Did the classical gold standard lead to greater price level convergence? A new approach
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Miles, William. 2015. Did the classical gold standard lead to greater price level convergence? A new approach. Open Economies Review, April 2015: vol. 26:no. 2:pp 351-377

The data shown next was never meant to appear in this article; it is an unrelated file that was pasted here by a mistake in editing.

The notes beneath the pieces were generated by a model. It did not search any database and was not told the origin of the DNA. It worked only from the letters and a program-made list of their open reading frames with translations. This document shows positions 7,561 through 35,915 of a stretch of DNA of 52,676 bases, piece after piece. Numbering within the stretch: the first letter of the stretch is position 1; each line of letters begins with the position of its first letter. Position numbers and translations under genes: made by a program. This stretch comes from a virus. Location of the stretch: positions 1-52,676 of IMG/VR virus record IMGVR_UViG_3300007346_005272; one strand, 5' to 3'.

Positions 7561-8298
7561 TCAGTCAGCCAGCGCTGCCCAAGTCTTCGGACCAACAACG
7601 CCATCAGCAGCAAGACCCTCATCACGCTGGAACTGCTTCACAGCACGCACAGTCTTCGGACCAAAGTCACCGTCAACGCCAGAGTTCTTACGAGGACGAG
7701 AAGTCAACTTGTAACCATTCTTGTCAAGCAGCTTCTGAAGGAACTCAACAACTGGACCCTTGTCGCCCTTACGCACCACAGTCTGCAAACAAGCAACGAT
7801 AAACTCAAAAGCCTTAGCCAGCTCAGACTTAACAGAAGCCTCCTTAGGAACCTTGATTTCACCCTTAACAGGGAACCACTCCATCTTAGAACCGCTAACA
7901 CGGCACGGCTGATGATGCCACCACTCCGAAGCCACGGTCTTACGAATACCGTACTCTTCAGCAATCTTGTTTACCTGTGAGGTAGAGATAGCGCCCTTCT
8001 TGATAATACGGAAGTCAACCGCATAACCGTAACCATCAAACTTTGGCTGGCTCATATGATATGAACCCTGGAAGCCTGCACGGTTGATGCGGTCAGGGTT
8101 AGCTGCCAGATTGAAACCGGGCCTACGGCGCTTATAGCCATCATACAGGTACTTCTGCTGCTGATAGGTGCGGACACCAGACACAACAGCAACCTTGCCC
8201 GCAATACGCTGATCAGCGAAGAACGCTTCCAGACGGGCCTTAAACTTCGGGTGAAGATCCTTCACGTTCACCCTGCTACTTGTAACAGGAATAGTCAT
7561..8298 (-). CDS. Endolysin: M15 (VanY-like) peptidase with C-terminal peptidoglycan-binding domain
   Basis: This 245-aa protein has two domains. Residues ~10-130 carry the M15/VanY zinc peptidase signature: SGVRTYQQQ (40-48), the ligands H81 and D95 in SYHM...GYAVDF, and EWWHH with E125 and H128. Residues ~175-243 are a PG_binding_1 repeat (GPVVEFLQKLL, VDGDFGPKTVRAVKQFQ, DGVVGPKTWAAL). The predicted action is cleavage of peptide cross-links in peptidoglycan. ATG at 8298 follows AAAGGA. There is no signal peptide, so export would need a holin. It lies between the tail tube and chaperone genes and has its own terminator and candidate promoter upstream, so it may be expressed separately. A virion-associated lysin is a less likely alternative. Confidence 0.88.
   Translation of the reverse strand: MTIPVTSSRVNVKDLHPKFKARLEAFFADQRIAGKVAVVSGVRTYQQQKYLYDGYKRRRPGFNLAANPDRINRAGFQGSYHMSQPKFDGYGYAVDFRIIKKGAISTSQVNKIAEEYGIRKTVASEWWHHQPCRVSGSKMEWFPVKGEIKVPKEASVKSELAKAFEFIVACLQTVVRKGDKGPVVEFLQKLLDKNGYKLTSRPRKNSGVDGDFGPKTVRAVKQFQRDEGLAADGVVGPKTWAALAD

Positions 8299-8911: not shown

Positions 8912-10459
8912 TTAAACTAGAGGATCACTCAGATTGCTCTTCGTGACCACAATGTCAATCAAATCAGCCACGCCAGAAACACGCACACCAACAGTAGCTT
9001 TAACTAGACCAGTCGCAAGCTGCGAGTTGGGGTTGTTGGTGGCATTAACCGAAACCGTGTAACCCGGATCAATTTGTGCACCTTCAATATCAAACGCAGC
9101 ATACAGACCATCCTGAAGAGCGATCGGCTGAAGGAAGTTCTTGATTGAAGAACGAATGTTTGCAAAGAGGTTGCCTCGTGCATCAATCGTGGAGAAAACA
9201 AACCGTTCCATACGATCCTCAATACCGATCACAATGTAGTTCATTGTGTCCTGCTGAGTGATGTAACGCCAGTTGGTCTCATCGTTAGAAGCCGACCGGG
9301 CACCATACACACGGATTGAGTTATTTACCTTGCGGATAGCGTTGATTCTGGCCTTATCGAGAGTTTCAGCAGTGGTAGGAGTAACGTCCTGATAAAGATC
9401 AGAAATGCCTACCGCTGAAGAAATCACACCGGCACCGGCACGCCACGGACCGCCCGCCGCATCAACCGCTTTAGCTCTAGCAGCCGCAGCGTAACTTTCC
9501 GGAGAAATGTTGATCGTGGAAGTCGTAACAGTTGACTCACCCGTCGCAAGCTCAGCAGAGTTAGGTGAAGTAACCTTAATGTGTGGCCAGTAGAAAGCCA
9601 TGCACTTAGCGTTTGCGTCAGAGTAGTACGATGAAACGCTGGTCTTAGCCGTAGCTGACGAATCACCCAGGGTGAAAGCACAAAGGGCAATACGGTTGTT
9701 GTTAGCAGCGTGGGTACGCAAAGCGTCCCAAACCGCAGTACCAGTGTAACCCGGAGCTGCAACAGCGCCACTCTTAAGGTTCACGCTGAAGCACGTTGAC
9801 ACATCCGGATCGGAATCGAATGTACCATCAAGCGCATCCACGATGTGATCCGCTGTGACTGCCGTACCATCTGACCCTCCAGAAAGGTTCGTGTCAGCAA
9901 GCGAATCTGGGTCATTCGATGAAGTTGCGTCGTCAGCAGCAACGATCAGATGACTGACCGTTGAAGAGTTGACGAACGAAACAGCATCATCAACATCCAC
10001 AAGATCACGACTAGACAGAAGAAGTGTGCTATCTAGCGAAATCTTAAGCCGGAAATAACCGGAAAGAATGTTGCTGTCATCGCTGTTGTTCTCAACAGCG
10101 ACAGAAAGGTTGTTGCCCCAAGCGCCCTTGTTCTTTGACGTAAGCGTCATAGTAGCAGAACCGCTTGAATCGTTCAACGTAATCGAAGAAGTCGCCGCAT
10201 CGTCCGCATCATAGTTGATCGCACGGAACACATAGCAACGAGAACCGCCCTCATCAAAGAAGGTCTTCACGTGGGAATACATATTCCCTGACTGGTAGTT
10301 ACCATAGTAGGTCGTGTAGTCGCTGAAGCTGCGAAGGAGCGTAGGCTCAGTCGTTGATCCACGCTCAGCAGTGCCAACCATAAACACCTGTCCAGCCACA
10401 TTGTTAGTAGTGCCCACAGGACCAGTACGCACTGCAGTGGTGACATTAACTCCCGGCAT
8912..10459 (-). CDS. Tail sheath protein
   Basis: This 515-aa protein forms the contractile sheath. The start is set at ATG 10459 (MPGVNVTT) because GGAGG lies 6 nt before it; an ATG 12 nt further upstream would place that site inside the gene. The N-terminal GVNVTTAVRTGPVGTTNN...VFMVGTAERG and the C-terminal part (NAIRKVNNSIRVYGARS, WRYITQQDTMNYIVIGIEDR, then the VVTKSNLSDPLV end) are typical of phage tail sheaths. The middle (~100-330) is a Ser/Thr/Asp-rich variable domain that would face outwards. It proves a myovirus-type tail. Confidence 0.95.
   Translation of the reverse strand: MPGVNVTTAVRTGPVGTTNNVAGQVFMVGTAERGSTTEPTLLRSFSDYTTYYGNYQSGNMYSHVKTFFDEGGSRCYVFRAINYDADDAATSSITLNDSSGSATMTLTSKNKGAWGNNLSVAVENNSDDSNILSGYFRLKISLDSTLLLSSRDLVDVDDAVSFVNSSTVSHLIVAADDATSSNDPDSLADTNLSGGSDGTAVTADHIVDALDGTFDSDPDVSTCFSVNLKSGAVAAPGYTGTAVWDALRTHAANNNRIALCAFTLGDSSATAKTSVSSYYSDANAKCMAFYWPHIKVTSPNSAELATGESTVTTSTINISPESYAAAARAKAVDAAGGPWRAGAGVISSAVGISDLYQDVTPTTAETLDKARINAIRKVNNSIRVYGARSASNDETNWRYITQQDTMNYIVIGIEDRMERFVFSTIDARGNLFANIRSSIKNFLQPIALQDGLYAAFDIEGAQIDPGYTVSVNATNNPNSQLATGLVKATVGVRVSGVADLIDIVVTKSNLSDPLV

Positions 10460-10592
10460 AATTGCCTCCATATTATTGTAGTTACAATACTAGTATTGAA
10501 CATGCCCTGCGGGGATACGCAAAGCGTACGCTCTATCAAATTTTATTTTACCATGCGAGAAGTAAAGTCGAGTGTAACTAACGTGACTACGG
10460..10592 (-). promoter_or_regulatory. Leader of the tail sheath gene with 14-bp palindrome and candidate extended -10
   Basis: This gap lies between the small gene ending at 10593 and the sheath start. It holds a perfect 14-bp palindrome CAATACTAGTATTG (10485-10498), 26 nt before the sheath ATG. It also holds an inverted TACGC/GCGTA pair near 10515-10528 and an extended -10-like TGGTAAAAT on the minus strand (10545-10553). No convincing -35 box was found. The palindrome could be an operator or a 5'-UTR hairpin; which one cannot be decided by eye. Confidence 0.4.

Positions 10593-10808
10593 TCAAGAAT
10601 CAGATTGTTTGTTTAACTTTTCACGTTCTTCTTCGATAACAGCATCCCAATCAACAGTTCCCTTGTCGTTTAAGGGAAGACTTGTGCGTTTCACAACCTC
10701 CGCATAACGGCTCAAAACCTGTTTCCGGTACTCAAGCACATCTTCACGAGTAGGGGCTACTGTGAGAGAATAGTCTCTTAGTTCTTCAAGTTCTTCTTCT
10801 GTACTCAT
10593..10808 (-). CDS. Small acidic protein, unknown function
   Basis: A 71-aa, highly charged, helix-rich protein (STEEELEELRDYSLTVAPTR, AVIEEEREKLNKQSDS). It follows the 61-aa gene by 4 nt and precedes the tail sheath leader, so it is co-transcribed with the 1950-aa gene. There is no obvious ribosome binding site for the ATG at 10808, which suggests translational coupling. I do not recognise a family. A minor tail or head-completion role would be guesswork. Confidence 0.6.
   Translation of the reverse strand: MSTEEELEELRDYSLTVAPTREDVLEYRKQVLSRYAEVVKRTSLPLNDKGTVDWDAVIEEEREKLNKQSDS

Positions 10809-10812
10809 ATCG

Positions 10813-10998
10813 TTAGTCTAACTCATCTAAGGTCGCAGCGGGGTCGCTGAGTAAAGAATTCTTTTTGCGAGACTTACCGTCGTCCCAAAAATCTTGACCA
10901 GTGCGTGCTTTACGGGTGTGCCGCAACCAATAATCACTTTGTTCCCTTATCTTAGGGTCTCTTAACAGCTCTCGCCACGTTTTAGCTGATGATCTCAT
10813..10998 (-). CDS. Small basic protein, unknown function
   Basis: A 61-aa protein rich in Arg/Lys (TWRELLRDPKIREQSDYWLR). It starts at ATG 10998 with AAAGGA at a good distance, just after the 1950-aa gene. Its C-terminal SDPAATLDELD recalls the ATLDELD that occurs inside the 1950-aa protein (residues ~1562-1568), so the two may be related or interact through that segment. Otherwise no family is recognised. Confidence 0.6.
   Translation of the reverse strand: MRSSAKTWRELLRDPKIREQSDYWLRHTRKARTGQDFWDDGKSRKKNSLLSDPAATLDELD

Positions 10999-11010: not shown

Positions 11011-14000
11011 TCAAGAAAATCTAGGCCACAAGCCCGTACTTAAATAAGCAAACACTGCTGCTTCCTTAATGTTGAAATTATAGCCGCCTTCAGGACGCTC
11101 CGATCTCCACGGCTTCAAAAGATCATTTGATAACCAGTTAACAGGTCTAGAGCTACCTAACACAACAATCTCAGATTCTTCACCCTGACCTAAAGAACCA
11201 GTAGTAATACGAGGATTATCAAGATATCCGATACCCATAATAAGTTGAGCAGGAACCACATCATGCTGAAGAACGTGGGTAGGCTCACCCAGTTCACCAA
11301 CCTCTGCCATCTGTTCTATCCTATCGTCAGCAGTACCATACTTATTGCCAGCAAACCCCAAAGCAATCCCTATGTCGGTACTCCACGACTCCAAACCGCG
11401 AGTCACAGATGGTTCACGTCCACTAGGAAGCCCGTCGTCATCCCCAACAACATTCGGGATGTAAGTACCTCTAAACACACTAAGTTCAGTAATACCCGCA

Some previous research has indicated that the classical gold standard led to greater price level co-movement among member countries than would be observed in later Bretton Woods and floating exchange rate regimes. This paper examines the subject of price co-movement under the gold standard with a set of recently developed techniques which examine both differences in the magnitude as well as in the sign of price level movements across countries, and which yield period-by-period estimates of how coherent price levels are across nations. Our results suggest that contrary to previous research, the classical gold standard did not appear to lead to greater price level co-movement. Neither, moreover, did the gold standard appear to move prices apart, as would be expected if two countries joined the gold standard with misaligned inflation rates. These results are similar to those of more recent research on the classical gold standard, in which previous purported effects of the metallic standard (on the cost of capital, the level of trade, and business cycle synchronization) have been found either to not exist or to be much smaller in magnitude than previously believed.
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